This is not a petting zoo or an “obvious” family attraction, but it is lovely for a day out. When we went it had just launched its summer activity, “The Lost Summer”. and we had great fun building a den too. The food is also rather delicious!
Brian says: As a keen golfer, I was very excited to try Football Golf, near St Austell. As the name suggests, you have to kick your football along the fairway and then into an (oversized) hole. It was really fun, and was not as easy it sounds – there were bunkers, and other obstacles to go round, over or through. We played 18 holes, and thankfully I won! Football Golf costs £24 for an adult ticket, for two adults and two children.
Sarah writes: We decided that we couldn’t stay so near Truro (Cornwall’s only city) and not visit. We had expected it to be really busy, so we were surprised by how quiet it was when we stopped by for supper! It looked like a good place to go during the day, and had a beautiful Cathedral and loads of shops. However, it wasn’t perfect for supper – we only found a few restaurants to be open!
Jess says: Today we visited Tintagel, which is a really gorgeous village. We walked around, and were very taken by how kind and and friendly everybody was (and how many fudge and ice cream shops there were!). We made our way to Tintagel Castle, which is an English Heritage site and has a long history. King Arthur was allegedly conceived there, and we spent time exploring the remains of its dark age settlement and learning about its trading history.
The views from the top of the castle were absolutely wonderful (definitely one of the best we’ve seen in the UK), and we enjoyed finding out about what life was like in the small exhibition. My only qualm was that some of the steps were very steep, but there was lots of space to rest on the grass and admire the view.
Tintagel Castle costs £20.50 for an adult ticket, but we had our English Heritage membership, so we didn’t pay this.
That afternoon, after enjoying a savoury cheese scone tea at The Village Tearoom in Tintagel, we drove to our second hotel – St Moritz in Polzeath. Mum enjoyed a full body massage (which she thought was excellent), Robert and Dad went swimming, and I relaxed in the room.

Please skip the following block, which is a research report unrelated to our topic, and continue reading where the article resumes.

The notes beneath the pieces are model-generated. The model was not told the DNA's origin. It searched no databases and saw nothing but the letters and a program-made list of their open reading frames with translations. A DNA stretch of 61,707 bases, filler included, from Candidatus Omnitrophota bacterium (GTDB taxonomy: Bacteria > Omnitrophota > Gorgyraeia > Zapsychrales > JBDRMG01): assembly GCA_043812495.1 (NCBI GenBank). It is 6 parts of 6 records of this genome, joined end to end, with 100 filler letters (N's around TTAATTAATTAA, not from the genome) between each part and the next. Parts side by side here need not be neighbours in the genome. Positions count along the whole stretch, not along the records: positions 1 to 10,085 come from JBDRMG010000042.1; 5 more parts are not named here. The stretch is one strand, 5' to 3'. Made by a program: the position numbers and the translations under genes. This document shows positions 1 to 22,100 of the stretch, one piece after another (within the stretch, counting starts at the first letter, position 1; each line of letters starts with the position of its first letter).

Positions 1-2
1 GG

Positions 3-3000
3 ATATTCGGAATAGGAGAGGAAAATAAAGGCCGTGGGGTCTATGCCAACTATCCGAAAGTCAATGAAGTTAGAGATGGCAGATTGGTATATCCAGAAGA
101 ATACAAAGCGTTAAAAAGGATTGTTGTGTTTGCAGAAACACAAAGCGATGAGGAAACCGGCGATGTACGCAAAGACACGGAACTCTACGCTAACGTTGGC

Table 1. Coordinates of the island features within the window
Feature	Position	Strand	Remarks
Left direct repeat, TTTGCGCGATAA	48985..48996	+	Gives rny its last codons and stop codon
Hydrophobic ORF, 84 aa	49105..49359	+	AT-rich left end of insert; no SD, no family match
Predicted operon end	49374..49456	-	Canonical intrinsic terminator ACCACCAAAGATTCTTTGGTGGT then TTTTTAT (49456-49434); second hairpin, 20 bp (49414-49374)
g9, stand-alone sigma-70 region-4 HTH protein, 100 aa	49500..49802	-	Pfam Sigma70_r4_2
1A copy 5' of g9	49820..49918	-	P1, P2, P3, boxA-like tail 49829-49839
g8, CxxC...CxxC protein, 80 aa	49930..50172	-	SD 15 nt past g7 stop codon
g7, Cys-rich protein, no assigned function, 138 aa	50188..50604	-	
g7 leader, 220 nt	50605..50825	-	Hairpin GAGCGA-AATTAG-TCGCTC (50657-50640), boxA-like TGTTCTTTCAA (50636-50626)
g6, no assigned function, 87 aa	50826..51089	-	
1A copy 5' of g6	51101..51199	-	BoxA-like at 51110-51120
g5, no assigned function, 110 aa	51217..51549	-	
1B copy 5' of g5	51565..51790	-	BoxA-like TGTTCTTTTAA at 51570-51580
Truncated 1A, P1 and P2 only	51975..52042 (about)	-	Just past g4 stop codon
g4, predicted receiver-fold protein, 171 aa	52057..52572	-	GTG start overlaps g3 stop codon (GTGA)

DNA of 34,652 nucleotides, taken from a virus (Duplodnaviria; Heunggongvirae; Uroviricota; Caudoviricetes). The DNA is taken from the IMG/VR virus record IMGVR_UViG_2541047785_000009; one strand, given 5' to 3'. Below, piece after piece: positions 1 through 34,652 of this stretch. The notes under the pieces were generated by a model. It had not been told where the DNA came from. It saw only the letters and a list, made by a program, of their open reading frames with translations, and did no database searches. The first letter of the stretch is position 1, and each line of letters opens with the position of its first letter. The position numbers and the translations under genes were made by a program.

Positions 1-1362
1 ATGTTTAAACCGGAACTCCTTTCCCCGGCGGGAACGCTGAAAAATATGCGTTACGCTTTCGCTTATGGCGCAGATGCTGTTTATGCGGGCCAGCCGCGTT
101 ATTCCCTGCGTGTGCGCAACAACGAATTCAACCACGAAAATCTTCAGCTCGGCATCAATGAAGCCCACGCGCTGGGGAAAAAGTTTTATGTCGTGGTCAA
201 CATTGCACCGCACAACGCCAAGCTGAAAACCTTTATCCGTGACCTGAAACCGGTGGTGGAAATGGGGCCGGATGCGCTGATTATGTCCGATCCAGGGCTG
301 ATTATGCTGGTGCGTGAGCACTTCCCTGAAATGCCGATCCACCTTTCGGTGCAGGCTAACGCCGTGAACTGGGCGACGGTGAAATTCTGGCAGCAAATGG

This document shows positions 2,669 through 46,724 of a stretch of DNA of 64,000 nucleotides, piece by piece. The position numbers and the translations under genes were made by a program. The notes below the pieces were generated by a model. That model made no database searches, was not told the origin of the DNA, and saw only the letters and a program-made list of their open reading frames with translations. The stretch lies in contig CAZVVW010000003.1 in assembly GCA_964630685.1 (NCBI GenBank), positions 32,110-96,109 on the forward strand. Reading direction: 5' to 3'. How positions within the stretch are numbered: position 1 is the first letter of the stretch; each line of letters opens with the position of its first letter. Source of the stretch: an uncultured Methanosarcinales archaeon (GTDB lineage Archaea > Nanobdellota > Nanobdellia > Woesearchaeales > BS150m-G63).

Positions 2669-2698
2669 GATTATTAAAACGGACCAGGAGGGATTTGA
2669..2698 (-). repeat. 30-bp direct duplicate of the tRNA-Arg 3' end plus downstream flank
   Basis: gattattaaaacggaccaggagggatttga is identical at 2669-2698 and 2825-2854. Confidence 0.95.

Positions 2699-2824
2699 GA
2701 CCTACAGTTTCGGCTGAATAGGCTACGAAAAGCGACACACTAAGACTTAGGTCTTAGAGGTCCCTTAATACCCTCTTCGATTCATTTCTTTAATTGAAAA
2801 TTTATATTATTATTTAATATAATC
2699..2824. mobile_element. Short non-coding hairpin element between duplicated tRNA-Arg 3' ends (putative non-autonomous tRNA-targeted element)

We ate dinner at the hotel restaurant, which was very posh; we may have seemed slightly out of place with our copious number of quizzes! However, the servers were very nice and there was a menu for children. All of my food (tomatoes and mozzarella, trout, and a panna cotta) was delicious, although mum and dad said that their cod fell slightly flat. Robert enjoyed his fish and chips, and they made some truly scrumptious carrots for him as he dislikes peas. I really enjoyed my meal, though the service could have been faster.
Robert writes: As we started the journey back to London we stopped off in Daymer Bay which was only five minutes drive from our hotel. It was a lovely day so I played with the sand before running into the warm sea, It was quite shallow so I could wade out very far. I had loads of fun and it was one of the nicest beaches in England that I’ve been to.
Jess says: Overall, we really enjoyed our time in Cornwall. There was a lot to do, and it was all really interesting and exciting. I would recommend it to families both with and without children, although you do need to be aware of the amount of walking. The views were incredible, the fudge was scrumptious, and everyone was really friendly and helpful.
Disclosure: A week in a Villa Gallery (which has accommodation for four) at The Valley, Cornwall costs £1770.We were fortunate enough to be offered a discounted media rate, but that has not influenced our review in any way.
We were also offered a complimentary overnight stay at the St Moritz hotel, which costs in order to write for it – but similarly, they had no input into this, or any blog post. Visit Cornwall helped us with our trip – particularly with recommendations of places to go.